Robin Miller’s Mailbag for June 9, presented by Honda Racing / HPD

Robin Miller’s Mailbag for June 9, presented by Honda Racing / HPD

Insights & Analysis

Robin Miller’s Mailbag for June 9, presented by Honda Racing / HPD


Q: What a great race! Plenty of action passing for the lead and serious competition. What more can you ask for? Easy, watching Helio celebrate! The man is like a kid at Christmas — so much pure joy on his face and in his actions. Running down the front straight to share that joy with as many fans as possible has to be one of the things I will always remember. As a fan I was very happy with this outstanding race.

Boyce Williams, Salisbury, NC

RM: Palou also drove a masterful race, but the best possible result for IndyCar on a national and international platform was having Helio in Victory Lane.

Q: Congrats again to the Shanks for their vision and perseverance. They climbed their way up the ranks one step at a time. First time they tried to go Indy car racing, neither Honda nor Chevy would give them an engine lease. Then they won a championship for Honda in IMSA GTD, yet Honda denied them the Acura DPi program first time around, giving it to Penske. Never did the Shanks pout, they just continued to build their organization. Extremely well done!

Scott (will be at Belle Isle for both races)

RM: I think that’s one of the many reasons that Shank is so popular and respected – he’s just a racer to the core and keeps battling regardless of what’s thrown at him.

That’s what being rewarded for 10+ years of grind looks like. Barry Cantrell/Motorsport Images

Q: Wasn’t the 40% capacity number tied to the 300,000 total number that can fit into the Speedway? I’d say the grandstands had to be greater than 40%, but for example, my group’s seats in Paddock 1 were spaced so that in 24 seats through two rows we had 13 tickets and nobody else was near us. As loyal Lot 2 campers, should we be concerned with Penske taking over the mobile home parks and Lot 2 and building a Taj Mahal museum like they have at Lambeau Field? The Speedway never fails to impress newcomers – we added two new guys to our 29-year-old group and they’re now officially hooked. IMS Ticket Office, Doug Boles, City of Indianapolis and all the way up to RP – thank you for giving us our first real normalcy in 15 months.

Clint, Chicago, IL

RM: It was tied to a number, but I’d say it was closer to 300,000 judging by the size of the crowd. Or maybe they were simply allowed to sell more than 135,000 in the final tally. Not sure what R.P.’s museum plans are, but campers should be safe.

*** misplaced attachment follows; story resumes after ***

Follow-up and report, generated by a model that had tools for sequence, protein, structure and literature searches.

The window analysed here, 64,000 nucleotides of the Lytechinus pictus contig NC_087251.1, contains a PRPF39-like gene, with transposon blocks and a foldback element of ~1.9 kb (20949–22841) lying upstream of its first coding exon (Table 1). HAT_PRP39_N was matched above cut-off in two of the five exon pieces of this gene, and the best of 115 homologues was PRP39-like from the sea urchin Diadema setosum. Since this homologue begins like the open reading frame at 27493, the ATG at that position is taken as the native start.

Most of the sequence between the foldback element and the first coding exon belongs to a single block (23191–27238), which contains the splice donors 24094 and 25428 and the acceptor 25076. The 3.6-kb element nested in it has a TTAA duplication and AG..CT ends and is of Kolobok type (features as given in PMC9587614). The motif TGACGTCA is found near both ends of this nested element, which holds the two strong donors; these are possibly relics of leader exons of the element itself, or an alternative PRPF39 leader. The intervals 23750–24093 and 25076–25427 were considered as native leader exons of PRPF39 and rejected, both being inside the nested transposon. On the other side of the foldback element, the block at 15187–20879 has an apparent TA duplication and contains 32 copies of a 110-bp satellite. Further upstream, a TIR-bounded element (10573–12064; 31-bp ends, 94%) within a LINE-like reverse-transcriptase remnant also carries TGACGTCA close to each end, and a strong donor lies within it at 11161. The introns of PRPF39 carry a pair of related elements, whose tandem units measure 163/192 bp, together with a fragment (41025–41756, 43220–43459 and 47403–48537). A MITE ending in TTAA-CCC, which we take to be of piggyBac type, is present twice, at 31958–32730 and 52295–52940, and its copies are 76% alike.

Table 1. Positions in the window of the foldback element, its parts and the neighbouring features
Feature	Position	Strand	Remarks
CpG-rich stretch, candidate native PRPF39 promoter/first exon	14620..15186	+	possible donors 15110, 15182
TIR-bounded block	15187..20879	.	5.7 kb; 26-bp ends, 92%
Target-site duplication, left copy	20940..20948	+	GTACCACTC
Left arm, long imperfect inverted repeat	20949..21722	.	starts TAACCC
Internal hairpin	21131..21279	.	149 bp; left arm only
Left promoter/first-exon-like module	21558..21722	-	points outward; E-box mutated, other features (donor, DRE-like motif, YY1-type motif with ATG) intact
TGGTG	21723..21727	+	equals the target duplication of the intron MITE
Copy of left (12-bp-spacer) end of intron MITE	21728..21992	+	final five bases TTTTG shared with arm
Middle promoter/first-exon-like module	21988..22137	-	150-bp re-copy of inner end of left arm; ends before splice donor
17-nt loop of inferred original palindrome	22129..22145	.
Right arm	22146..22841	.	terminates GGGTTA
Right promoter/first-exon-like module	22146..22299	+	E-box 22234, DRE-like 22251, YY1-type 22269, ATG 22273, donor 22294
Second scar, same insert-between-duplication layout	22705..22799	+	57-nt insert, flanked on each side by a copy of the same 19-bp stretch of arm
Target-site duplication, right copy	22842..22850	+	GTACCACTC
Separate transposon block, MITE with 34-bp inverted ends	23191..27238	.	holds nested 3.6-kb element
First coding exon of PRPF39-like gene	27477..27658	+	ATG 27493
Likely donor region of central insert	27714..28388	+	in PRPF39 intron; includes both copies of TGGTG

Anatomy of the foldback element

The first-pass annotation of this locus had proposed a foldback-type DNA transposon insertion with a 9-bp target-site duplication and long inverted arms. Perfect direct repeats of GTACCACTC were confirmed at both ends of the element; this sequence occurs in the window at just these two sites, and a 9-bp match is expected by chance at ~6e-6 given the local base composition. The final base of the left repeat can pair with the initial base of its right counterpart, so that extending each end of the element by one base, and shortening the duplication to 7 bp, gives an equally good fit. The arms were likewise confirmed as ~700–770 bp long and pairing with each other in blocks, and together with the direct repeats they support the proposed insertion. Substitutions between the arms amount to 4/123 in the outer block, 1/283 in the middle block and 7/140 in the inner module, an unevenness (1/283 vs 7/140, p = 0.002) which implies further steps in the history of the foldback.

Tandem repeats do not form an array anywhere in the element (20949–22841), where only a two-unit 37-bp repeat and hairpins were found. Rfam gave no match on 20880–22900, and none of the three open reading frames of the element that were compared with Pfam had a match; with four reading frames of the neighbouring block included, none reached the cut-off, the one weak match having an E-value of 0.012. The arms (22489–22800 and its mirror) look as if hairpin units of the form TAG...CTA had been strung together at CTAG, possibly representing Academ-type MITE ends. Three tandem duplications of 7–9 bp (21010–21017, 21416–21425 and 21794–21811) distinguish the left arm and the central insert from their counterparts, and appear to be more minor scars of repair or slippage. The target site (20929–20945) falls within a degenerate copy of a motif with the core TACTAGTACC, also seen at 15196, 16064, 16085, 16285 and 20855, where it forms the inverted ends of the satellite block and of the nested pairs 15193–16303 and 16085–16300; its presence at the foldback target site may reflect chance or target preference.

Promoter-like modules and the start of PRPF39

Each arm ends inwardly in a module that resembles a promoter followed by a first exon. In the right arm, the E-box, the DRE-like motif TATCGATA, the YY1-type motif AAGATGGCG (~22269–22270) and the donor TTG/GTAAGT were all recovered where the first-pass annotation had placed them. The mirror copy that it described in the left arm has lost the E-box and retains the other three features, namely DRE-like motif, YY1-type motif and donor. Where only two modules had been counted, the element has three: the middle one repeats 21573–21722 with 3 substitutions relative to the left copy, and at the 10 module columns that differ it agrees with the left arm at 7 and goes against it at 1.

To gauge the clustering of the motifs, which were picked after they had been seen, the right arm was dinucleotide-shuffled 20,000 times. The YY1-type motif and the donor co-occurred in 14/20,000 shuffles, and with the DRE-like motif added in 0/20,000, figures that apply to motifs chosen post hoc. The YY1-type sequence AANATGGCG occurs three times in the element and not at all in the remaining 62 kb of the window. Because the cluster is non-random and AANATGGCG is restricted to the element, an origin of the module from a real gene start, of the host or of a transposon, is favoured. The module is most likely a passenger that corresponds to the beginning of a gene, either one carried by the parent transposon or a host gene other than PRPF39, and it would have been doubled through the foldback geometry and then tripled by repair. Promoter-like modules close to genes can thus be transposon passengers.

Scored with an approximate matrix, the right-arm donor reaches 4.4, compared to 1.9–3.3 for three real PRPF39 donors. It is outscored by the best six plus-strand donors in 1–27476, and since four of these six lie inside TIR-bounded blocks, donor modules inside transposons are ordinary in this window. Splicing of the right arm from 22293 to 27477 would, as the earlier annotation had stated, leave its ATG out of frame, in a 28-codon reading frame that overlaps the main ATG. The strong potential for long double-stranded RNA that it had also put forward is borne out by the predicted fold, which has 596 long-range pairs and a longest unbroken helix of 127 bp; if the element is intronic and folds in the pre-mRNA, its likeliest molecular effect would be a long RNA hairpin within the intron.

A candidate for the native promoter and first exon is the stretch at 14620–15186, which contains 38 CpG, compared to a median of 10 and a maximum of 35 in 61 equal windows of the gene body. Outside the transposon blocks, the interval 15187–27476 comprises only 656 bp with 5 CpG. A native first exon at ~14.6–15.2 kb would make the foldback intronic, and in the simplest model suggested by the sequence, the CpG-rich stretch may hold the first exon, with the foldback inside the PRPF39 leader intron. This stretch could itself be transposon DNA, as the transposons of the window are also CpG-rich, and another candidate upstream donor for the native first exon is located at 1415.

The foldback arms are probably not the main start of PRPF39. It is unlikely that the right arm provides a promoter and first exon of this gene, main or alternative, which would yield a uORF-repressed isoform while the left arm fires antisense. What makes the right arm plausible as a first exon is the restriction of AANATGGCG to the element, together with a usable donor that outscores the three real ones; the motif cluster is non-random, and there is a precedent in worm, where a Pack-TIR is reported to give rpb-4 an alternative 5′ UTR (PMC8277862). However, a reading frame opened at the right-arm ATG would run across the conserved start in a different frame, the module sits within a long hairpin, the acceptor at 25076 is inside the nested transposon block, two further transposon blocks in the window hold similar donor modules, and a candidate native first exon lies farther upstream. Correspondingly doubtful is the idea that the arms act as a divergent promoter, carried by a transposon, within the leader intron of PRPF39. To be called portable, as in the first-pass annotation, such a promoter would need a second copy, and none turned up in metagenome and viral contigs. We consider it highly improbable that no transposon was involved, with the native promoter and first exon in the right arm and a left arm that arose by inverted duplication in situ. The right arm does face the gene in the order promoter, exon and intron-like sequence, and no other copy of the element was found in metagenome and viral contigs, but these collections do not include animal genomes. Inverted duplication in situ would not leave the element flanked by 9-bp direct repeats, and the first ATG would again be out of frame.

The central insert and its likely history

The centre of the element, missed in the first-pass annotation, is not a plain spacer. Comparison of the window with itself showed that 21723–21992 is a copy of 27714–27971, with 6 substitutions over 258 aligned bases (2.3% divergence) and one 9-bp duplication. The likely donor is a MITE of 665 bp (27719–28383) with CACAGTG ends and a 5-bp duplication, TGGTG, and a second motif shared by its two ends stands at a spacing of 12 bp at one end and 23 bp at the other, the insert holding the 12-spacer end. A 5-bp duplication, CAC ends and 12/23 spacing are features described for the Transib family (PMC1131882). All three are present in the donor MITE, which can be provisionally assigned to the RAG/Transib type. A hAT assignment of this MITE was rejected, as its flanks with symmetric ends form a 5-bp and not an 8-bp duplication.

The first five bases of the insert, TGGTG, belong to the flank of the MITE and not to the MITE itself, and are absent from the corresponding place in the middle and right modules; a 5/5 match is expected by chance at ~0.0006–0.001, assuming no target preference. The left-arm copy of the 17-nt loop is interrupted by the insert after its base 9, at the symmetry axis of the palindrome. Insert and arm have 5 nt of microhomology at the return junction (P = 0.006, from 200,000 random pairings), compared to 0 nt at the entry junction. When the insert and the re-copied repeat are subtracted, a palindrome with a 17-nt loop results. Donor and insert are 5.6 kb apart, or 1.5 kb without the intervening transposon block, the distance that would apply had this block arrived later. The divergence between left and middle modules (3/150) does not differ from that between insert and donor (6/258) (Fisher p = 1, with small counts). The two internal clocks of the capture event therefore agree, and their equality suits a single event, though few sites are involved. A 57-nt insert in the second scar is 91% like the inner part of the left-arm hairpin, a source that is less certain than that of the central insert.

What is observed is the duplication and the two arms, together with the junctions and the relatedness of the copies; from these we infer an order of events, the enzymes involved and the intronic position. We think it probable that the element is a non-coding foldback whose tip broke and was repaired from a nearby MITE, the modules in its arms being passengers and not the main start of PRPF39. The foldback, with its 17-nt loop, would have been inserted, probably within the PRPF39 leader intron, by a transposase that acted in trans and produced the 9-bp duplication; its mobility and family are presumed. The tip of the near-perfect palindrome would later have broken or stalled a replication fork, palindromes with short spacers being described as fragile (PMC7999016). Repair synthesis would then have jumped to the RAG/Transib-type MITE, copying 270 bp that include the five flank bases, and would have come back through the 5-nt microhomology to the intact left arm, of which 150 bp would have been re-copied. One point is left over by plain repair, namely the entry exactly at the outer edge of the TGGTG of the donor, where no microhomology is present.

Q: The extra boost on Friday and qualifying offers good anticipation for increased speeds. Is that the reason it is only used for those days? Any particular reason it is not used all week, or have I answered my own question? I am sure, as many have stated, there were more than 135,000 in attendance. Most were without masks. Have you heard if the Speedway had any blowback from Marion County Health Dept on this? The racing was great, and a new record set for the speed.

Other than the caution that ruined Dixon’s and Rossi’s day, how much of a part did the cooler temperatures play in how the race played out? At the end, the lead group was catching a rather large group of slower traffic. Had there been another five to 10 laps, I wonder what effect it may have had on the outcome?

Ken, Bloomington, IN

RM: I guess they think it’s going to help the crowd, but I haven’t seen any real indicators of that. I imagine Pagenaud and Ed Carpenter. wish there had been five more laps, but not sure Helio was showing his hand. No reports from health department about COVID-19 at Indy. No clue about cooler temps except it likely helped the tires live a little longer.

Q: I read with great interest Marshall Pruett’s article regarding what caused the inordinate number of crashes in the pit in during the Indy 500. A couple questions come to mind. Why was this fix not discovered by the Indy race inspection crew? It had to be common knowledge by the mechanics in all or almost all teams that this is a way to keep the pads from accidentally dragging at high speeds on this big oval. Too many different teams had failures for it to be a secret option. Why was this “fix” to prevent brake drag allowed by the stewards?

Marshall said he estimated only five cars did not use the fix to prevent brake drag. What is the basis for this speculation? Hunter-Reay’s failure was not the rear brakes; rather, the front brakes locked and therefore his car did not swerve into the pit wall. It was not clear to me that both front and rear could be and were tweaked to prevent brake drag. It was my assumption that mechanics believe the rear brakes were more apt to drag than the front brakes, so only the rear brakes were tweaked. The consequences of these wrecks could have caused personal injury or even death of a crew member close to the crash. Tampering with the normal pad to rotor gap seems like an accident waiting to happen. It was a totally insane decision by the crew chief. What else can you add to this story?

Thomas Grimes, Waco, TX

RM: Racing used to be about taking chances or thinking outside the box but spec racing has taken away almost everything, so you try one of the few things available. Speculation? Marshall is a damn good reporter who is technically savvy and knows which people to ask so I can’t add anything, and why would I even try after his story?